IRVINE — Tucked between rolling green hills on the Bommer Canyon trail, there's nothing to listen to except tall grass tussling with the wind and your feet crunching the soil beneath you.
It's like an oasis of nature in the middle a county of 3 million people. But like so much of Irvine, it was planned that way.
In honor of Earth Day next week, Irvine's 40th year as a city and recognizing its environmental priorities overall, Mayor Sukhee Kang cut the ceremonial ribbon –— actually it was a vine grown in Bommer Canyon — and opened up the city's latest hiking trail.
The Bommer Canyon trailhead is the public's latest entryway into Orange County's scenic footpaths that lead to the Pacific, and is part of a citywide initiative approved in 1988 that creates 16,000 acres of parks and wildlands.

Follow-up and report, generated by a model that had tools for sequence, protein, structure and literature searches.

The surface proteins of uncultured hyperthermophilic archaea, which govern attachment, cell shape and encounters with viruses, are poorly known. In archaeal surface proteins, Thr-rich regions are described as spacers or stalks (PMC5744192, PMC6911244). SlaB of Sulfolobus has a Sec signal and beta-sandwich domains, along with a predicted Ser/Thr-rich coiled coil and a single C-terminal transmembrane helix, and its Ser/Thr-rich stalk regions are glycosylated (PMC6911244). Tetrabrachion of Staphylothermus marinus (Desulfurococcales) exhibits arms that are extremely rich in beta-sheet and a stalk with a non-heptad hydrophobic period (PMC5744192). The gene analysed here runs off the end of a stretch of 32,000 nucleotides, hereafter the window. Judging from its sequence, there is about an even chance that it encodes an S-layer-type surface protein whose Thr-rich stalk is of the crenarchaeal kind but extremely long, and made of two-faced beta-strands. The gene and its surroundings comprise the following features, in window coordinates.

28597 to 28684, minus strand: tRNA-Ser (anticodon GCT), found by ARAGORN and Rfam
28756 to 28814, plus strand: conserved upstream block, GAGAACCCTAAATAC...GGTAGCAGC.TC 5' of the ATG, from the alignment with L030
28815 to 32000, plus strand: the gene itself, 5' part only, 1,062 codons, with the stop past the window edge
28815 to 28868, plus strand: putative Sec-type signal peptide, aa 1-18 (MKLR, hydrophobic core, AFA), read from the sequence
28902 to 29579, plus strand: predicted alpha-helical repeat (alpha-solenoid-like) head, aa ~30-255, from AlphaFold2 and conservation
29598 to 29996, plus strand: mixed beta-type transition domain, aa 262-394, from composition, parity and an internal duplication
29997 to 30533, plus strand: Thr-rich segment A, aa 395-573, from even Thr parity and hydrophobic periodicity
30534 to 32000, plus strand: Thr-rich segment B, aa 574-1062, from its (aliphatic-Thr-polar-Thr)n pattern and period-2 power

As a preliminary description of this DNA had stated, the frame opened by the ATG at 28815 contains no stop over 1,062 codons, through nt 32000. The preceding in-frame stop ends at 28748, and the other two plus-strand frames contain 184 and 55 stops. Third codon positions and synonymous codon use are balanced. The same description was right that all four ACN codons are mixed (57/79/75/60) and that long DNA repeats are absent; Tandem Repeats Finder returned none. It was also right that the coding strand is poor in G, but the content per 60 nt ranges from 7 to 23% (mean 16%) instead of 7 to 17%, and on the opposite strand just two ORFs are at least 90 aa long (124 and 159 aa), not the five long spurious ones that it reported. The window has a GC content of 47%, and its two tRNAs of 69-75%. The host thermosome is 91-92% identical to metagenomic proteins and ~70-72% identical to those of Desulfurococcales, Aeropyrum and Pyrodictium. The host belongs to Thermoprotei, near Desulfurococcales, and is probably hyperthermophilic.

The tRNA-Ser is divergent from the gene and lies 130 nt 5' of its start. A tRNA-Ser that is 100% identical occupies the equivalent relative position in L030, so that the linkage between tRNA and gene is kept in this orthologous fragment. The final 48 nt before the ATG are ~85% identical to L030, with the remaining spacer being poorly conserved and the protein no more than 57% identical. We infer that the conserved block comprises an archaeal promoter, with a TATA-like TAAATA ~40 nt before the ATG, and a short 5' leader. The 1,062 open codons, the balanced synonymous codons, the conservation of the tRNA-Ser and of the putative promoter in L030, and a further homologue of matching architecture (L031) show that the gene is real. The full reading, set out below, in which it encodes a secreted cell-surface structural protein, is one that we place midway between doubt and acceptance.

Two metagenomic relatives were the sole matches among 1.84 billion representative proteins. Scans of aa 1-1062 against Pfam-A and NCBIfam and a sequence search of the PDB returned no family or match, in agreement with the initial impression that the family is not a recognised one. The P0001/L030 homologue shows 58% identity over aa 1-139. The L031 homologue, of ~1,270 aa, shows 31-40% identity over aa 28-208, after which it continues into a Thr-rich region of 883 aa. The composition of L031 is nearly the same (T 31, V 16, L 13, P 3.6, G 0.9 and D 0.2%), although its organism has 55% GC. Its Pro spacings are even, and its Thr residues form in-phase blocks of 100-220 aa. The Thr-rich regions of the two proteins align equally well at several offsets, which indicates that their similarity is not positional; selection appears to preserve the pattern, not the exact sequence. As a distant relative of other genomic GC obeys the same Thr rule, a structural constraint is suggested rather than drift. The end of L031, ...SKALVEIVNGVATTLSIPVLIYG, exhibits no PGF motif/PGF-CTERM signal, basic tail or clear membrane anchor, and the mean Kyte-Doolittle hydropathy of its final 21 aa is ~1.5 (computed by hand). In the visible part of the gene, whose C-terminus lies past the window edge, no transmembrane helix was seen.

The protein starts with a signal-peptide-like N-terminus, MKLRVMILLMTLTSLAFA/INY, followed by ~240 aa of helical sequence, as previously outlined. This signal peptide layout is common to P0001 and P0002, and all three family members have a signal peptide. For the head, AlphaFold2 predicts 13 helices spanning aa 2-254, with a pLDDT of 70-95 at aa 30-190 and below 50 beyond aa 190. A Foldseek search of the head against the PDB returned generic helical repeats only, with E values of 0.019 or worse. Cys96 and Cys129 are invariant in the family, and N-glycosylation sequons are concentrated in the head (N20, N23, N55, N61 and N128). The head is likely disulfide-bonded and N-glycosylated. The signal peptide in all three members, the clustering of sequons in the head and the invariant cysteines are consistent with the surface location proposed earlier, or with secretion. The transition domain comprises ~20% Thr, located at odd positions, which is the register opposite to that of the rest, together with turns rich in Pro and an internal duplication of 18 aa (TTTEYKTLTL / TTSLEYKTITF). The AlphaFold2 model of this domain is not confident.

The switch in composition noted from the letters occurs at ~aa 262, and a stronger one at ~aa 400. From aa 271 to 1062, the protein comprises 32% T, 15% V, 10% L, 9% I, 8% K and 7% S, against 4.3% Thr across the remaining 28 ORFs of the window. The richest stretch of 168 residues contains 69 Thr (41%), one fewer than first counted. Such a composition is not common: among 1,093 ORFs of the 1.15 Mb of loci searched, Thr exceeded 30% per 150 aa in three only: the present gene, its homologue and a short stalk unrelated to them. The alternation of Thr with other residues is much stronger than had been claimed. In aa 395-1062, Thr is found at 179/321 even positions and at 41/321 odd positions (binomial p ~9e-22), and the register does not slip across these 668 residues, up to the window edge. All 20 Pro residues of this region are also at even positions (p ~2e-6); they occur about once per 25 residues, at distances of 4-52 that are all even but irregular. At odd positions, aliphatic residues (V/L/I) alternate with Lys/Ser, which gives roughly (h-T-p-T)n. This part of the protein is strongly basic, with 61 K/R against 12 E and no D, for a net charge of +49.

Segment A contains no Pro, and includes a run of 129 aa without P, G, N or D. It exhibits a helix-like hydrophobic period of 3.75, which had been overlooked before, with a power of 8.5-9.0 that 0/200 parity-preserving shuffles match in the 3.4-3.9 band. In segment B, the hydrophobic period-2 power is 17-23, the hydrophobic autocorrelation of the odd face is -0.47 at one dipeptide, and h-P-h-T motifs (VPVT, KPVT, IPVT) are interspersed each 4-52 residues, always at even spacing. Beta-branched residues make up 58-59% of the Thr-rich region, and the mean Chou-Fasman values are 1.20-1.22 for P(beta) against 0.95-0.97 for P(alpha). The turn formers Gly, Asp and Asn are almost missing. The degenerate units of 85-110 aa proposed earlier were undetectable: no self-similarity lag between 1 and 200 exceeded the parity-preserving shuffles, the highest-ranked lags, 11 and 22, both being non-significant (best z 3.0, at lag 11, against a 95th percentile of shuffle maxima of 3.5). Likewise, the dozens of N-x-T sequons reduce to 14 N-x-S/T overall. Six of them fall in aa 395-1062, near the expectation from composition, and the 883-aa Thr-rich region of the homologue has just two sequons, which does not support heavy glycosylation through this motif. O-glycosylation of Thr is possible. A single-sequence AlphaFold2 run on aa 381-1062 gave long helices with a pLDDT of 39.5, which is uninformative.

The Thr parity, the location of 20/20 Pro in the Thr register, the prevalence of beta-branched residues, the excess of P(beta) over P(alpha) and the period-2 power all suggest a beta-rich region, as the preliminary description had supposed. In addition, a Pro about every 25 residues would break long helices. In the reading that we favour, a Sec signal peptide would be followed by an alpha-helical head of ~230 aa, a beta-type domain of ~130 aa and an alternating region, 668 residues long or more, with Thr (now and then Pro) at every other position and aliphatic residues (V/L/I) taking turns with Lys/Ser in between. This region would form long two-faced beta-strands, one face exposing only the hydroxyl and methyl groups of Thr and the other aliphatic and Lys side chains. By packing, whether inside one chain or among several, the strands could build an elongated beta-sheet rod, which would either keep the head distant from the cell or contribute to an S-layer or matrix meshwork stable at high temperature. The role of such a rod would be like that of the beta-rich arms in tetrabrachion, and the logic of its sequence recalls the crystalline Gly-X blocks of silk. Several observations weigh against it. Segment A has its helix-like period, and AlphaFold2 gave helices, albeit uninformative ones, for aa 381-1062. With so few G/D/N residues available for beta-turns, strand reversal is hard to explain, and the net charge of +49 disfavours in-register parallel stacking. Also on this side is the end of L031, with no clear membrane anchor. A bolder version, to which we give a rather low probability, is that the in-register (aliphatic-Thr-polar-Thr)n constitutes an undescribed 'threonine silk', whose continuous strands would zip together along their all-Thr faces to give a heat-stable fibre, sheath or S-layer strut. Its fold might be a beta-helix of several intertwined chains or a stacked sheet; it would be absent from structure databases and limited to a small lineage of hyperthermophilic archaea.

"All the voters and residents of Irvine created this," Kang said to a crowd of eager, outdoorsy families ready to trek the hills Saturday morning. "It's another part of the great quality of life for Irvine."
The Bommer Canyon trail connects to paths in Laguna Beach and Crystal Cove State Park, and offers miles of walking and scenery that looks like it came straight out of a Disney movie.
Irvine Company Senior Vice President Mike Leblanc said five years ago Irvine officials approached his company asking for help in preserving open space for residents. Five years and $1.6 million later, residents had what they wanted.
"It's important because the environment we live in is all city, we're surrounded by city," said Ross Masud, an Irvine father who was hiking the trail with his wife and two kids. "It's nice to get out with the family because you don't get the chance that often…they'll still bring their iPhones, but that can go in the backpack."